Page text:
Judge Matsch was also concerned with the fact that “development resulting from the Forest Service’s approval of the land exchange will adversely impact an endangered species, yet fails to comply with the statutory requirements for the protection of that species.” The species the Court was referring to is the Federally listed Canada lynx which would have been harmed had the Village construction and operation commenced.
On June 16, 2017, the Leavell-McCombs Joint Venture filed a Motion to Reconsider asking Judge Matsch to reconsider his decision, alleging that Judge Matsch suffered from “a misapprehension of controlling law and facts.”
On September 14, 2017, Judge Matsch denied this Motion describing the Forest Service’s Wolf Creek Decision as “a patent effort to circumvent [the agencies] obligations to protect the natural environment of the Forest.” Judge Matsch again reiterated that the Forest Service’s decision was unlawful and an “attempt at an artful dodge of its responsibility.”
Now we wait to see if either the Forest Service or Red McCombs decide to appeal this decision to the 10th Circuit Court of Appeals.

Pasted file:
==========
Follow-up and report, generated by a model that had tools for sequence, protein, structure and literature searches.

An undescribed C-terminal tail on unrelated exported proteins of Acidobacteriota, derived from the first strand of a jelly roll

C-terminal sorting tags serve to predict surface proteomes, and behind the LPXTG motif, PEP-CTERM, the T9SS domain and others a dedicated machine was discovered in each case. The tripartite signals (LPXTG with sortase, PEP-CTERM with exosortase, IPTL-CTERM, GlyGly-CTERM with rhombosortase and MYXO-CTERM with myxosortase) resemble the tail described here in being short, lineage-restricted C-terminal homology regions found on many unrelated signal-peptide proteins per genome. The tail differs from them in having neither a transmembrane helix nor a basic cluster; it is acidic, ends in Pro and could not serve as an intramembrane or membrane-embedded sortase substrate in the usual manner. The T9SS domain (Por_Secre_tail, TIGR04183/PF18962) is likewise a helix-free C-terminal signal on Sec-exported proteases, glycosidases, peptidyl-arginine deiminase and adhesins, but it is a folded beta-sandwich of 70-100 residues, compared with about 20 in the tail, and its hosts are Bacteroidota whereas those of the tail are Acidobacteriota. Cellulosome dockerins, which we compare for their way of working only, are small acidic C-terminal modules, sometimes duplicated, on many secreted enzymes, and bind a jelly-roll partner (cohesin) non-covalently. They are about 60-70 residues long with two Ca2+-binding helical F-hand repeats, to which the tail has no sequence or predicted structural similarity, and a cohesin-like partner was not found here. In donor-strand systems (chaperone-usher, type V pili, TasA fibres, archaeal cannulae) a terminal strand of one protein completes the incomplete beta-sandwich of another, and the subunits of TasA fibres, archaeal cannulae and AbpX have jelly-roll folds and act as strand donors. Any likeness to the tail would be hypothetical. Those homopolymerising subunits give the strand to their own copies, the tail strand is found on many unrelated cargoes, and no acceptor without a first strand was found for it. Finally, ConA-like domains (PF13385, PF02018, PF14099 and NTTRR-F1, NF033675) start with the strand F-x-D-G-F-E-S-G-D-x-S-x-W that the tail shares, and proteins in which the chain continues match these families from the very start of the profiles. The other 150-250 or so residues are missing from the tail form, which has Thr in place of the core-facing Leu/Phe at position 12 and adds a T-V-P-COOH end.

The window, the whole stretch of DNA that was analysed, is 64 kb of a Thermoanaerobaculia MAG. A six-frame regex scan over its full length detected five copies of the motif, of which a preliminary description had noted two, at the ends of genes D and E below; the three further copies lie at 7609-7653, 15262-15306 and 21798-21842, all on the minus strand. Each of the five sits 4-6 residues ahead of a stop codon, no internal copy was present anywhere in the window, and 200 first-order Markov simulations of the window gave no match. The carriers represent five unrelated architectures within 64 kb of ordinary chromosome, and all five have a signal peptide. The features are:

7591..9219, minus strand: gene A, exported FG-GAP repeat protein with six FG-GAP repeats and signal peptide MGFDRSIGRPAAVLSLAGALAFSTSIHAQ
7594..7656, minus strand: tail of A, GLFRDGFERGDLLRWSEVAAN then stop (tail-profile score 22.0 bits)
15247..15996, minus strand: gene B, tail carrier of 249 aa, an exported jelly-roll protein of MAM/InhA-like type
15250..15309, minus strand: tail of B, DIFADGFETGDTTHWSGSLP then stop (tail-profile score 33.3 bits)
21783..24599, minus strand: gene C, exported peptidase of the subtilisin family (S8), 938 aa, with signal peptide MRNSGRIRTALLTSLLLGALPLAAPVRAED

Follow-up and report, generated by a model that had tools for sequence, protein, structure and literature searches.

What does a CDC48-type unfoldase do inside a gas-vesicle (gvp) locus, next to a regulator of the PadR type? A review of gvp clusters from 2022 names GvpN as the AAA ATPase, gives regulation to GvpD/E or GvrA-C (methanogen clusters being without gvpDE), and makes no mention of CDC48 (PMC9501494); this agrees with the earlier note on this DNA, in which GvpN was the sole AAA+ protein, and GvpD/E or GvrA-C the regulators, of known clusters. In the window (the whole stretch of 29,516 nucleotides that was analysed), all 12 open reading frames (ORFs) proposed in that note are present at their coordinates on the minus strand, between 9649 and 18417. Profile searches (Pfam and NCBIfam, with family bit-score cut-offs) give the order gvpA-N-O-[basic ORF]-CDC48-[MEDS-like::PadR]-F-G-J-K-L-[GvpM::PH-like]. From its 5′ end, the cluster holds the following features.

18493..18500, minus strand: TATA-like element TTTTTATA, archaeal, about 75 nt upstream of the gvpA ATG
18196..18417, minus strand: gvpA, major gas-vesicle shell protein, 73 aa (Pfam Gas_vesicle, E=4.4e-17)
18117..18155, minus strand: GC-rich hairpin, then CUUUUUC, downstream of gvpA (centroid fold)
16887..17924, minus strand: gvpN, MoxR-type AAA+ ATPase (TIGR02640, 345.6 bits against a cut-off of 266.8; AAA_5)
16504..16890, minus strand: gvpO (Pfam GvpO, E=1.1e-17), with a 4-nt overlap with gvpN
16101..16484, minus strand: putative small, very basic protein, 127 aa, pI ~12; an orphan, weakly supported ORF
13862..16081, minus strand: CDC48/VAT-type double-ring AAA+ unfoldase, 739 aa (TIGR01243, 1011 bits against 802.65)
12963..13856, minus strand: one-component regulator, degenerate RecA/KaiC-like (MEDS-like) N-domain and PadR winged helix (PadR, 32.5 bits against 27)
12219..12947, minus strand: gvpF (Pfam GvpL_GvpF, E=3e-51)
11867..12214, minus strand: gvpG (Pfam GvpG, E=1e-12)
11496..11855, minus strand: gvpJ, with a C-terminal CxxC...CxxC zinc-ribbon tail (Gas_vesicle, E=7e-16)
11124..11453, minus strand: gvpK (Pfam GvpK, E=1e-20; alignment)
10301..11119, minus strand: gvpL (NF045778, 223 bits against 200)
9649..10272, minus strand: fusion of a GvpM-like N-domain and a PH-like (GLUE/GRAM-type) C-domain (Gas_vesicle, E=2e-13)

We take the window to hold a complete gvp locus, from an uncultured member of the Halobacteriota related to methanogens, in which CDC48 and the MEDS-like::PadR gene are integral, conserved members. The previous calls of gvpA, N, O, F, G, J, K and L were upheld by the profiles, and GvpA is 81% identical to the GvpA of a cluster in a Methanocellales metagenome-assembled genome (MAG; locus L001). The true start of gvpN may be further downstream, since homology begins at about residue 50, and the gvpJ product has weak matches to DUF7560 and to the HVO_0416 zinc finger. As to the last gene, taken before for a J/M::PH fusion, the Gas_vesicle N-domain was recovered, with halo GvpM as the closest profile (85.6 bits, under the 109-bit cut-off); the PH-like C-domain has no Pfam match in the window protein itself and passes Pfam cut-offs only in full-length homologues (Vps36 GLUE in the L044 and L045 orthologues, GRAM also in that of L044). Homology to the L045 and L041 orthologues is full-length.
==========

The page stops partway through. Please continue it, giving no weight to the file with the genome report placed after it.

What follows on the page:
Article in The Durango Herald: “Federal juge hears arguments in Village at Wolf Creek lawsuit”
Press Release: “Final Arguments, Filings Against Massive Development at Wolf Creek in Judge’s Hands”
Article in The Durango Herald: “Future of Village at Wolf Creek awaits judge’s decision”
Blog post about ski area character: “Glitz and Glamour at Wolf Creek?”
Blog post about Canada lynx: “The “Village” at Wolf Creek Pass – a disaster for the Endangered Species Act listed Canada lynx”
The Friends of Wolf Creek coalition is busy preparing for the next steps in our epic challenge to this ill-conceived development, and monument to one man’s ego. We thank all of our friends for your continued support, and urge you to help us continue the fight. Together we can stop the bulldozers. Please see our How You Can Help page.
The administrative record is the paper trail that documents an agency’s decision-making process and the basis for the agency’s decision. Here is a link to the administrative record provided by the Forest Service on their decision to approve the land exchange with Red McCombs.